Indeed, I imagine some of your gentle readers may be enjoying this very column in that manner. So I will assume, but am prepared to be corrected, that reading in the bathroom is, as a general matter, acceptable.
My specific question is whether it is impolite to bring reading material into a public restroom. For example, when I am at a coffee shop and bring a newspaper into the bathroom, for all to see as I enter and exit. I don’t know if that’s impolite, but I do know that I feel somewhat sheepish about it, and that I often try to be discreet about what I bring with me. As another example, at work I will sometimes bring a document to the restroom, again feeling somewhat concerned that my co-workers find the conduct to be improper.
Is this impolite? Should I simply kick the habit?
You are asking Miss Manners to break her habit of refusing to deal with bathroom questions. Her general position is that once you close the bathroom door, she does not care to follow you. What you do in there does not concern her, and this includes reading.
But thanks anyway for your vivid picture of her Gentle Readers.
However, this has to do with being on the way to the bathroom and how it affects your colleagues and others, so she supposes she had better tackle it.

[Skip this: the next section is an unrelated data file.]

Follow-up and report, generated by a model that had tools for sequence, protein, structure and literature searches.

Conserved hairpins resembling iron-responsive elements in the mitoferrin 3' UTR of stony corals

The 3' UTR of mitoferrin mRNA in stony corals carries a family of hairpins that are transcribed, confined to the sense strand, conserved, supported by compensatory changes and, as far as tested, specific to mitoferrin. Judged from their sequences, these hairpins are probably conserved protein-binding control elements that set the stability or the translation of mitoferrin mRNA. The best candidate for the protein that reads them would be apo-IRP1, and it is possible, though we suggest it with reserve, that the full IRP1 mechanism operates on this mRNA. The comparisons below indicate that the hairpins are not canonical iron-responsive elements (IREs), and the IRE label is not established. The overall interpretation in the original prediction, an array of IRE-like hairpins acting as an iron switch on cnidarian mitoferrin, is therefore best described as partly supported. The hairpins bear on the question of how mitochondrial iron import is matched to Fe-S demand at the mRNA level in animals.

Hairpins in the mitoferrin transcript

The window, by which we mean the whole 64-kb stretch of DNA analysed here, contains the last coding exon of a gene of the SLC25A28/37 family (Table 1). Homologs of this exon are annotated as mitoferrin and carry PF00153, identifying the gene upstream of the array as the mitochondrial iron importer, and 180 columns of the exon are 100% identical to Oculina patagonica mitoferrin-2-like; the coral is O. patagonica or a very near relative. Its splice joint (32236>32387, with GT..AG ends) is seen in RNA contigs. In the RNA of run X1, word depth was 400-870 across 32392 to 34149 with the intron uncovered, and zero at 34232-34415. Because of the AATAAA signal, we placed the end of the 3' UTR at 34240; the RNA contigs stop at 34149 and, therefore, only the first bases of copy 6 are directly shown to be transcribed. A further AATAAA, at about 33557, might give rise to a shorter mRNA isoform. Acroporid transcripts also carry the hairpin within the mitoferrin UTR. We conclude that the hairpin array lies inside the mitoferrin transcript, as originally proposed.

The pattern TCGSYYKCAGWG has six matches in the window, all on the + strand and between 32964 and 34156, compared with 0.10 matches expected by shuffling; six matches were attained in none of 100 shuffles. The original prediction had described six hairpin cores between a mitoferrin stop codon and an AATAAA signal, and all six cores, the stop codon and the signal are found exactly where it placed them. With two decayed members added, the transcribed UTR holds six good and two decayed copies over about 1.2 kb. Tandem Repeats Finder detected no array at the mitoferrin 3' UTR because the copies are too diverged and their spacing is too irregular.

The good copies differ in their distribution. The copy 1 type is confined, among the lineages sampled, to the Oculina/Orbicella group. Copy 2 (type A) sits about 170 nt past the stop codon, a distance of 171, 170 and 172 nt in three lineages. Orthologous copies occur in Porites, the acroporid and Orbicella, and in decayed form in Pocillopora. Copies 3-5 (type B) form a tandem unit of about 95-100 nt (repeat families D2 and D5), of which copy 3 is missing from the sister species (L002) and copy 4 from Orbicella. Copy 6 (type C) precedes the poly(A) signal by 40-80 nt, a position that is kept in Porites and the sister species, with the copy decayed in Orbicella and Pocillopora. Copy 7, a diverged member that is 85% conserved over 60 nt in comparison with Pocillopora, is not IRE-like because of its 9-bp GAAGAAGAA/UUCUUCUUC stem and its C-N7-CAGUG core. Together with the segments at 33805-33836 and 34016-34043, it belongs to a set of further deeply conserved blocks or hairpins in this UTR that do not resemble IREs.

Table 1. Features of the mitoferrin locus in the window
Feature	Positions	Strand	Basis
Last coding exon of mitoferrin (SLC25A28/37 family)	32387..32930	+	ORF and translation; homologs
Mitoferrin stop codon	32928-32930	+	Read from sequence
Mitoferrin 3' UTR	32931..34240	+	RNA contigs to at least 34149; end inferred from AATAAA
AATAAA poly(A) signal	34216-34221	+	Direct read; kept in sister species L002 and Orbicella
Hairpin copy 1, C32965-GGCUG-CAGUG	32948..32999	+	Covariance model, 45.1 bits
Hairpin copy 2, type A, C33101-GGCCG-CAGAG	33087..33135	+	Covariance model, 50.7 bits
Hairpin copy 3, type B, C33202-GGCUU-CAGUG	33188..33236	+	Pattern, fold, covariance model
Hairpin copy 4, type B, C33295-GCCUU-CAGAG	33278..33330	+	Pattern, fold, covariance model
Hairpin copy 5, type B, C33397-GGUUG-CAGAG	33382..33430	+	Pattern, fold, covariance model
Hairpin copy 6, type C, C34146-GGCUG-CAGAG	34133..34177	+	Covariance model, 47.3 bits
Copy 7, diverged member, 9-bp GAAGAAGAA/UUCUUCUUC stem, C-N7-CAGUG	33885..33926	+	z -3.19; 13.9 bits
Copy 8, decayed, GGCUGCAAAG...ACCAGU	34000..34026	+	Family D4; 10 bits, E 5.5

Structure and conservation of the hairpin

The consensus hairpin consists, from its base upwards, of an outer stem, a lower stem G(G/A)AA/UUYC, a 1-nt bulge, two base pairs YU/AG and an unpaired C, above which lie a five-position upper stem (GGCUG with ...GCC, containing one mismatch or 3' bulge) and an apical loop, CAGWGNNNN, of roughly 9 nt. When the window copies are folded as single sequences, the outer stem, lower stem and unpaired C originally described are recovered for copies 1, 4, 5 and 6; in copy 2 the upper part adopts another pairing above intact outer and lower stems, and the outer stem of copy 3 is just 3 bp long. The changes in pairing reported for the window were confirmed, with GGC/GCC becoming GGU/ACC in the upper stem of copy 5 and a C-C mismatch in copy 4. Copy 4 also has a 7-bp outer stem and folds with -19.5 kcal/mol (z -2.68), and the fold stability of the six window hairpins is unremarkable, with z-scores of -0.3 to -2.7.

It is not the act of reading that may be alarming to those who use the same public bathroom. What acts you perform in private space there are no more their business than Miss Manners’s.
It is the appearance of your planning to be there forever, or at least for as long as it takes you to finish “Anna Karenina” or the annual report. Colleagues and strangers may be more reluctant than family members to bang and shout, “Are you going to be in there all day?” Miss Manners therefore recommends sneaking in your reading material and bookmarking it when you hear footsteps.
Dear Miss Manners:
My stepmother-in-law to-be recently informed me that she intends to wear her own wedding dress to our upcoming nuptials, in the interest of economy. I obligingly smiled and nodded. My fiance’s father remarried last autumn, and his bride wore a cocktail length dress with an ivory bodice and metallic skirt; although the dress was probably not designed as a bridal gown, I’m still moderately troubled.
If you could, please impart wisdom as to how I might gently and respectfully resolve this issue.
There is no need: Your smiling and nodding has already resolved this issue gently and respectfully.
A bride can properly set the general style of the wedding, but not properly judge everyone’s wardrobe choice. Surely you have enough else to do, such as maintaining family harmony. Miss Manners promises you that no one will mistake the bridegroom’s stepmother for the bride.
Feeling incorrect? E-mail questions to Miss Manners at MissManners@unitedmedia.com; enter them at www.missmanners.com or mail to United Media, 200 Madison Ave., New York, N.Y. 10016.
2011, King Features Syndicate